The prize fund amounted to 1.5 million dollars, with two thirds of the purse reserved for the winner. A classical time control of 40 moves in 2 hours, then 20 moves in 1 hour, followed by 30 minutes to complete the game was in place. Recently deceased Carol Jarecki served as match arbiter.

It all started with eight consecutive draws, which was at that point a record for straight draws at the start of a World Championship match. The first one to score a full point was the challenger.

 

From a superior position, Anand decided to strike in the centre with the remarkable 27.Rd5 exchange sacrifice. Modern engines do not consider this to be the best move in the position, but it certainly poses practical difficulties to the Russian after 27...Nxd5 28.exd5. Anand went on to score a 35-move victory.

In the games following his defeat, Kasparov not only bounced back but obtained a substantial advantage in the match by scoring 4½/5 in games 10-14. Crucial was Kasparov’s win in game 11, when he surprised his well-prepared opponent by playing a Dragon Sicilian with the black pieces — instead of his usual Najdorf, which in the match had transposed to a Scheveningen prior to this encounter.

Kasparov finished the game in style:

 

Anand resigned after 31...Rxc2. Although both black rooks are under attack, White cannot capture both at the same time. Kasparov proved once again how powerful his opening preparation actually was — for this match, he had prepared in Croatia with Yuri Dokhoian, Evgeny Pigusov, and Vladimir Kramnik.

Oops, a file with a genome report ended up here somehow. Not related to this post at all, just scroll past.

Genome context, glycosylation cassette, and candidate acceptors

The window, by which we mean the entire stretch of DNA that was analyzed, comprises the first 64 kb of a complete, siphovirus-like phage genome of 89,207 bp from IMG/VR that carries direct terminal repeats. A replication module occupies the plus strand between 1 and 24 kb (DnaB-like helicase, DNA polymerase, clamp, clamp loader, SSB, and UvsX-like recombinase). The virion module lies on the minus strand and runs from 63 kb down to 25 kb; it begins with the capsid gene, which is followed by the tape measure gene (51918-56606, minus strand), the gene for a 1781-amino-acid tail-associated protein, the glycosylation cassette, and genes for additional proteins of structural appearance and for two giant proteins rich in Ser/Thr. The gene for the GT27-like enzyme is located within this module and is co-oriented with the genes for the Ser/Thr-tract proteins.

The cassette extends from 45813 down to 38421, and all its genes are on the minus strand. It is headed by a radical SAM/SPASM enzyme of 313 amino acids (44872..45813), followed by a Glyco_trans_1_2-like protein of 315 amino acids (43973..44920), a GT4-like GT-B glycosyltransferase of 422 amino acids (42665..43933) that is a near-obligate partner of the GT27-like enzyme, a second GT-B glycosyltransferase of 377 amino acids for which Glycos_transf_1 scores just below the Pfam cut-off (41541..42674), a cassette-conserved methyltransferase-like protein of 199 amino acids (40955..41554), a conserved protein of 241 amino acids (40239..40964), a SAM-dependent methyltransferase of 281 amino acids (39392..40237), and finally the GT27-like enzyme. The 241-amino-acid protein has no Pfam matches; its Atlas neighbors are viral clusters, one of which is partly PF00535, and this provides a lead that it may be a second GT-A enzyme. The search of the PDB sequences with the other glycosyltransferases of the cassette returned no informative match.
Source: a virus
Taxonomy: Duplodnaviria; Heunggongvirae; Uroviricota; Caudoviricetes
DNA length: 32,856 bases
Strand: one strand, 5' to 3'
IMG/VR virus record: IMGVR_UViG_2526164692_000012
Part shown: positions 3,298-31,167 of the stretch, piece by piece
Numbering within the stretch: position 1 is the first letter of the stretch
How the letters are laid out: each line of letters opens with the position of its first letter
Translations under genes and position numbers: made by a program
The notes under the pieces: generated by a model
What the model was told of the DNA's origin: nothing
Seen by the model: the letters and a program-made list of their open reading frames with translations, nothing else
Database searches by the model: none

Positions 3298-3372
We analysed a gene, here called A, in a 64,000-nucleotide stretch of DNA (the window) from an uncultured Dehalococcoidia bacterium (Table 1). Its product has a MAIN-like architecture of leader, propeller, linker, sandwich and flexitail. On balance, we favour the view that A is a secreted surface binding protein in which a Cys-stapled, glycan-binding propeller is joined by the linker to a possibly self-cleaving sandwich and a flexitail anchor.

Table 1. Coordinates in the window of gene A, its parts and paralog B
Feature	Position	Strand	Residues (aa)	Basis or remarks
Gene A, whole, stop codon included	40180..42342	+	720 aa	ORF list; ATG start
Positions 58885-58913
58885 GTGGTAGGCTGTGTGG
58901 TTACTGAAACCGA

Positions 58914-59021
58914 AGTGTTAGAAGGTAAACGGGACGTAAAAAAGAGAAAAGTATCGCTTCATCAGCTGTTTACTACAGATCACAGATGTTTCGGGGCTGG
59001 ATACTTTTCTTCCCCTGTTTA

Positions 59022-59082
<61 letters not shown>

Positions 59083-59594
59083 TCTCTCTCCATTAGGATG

Garry KasparovA draw in game 12 was followed by another black win for Kasparov from a Dragon Sicilian. Anand’s best chance to mount a comeback was seen in game 14, when he got a good position with the black pieces after surprising his opponent with the Scandinavian Defence. The Indian, however, not only failed to make the most of his chances but ended up losing the game.

Kasparov had a 3-point lead with six games to go. Quick draws in games 15 and 16 were followed by a 63-move encounter that also finished peacefully. In a dire situation, Anand agreed to split the point after a mere 12 moves in game 18, which meant Kasparov had kept his title as world champion.

Leigh Walker and Brian Karen wrote a special report for ICC, and thus described the 25-year-old Anand:

The Challenger presented himself with great dignity and is an excellent representative of chess sportsmanship. Not only is he obviously a great player, but is also modest and a real gentleman almost universally liked, even by his opponents. On those occasions when someone from the press asks a discourteous or even hostile question, he is unruffled and responds quite easily and well. At the end of his remarks during the ceremony, he showed his sense of humor: ‘I hope you all had a lot of fun watching the event, especially today's nail-biting finish!’

All games - Kasparov vs. Anand 1995

 

Select an entry from the list to switch between games

Kasparov and Anand will feature in the upcoming Croatian leg of the Grand Chess Tour series, with Anand set to participate in both the rapid and blitz sections while the 58-year-old Kasparov will only play in the blitz section of the event.

Links

 


Carlos Colodro is a Hispanic Philologist from Bolivia. He works as a freelance translator and writer since 2012. A lot of his work is done in chess-related texts, as the game is one of his biggest interests, along with literature and music.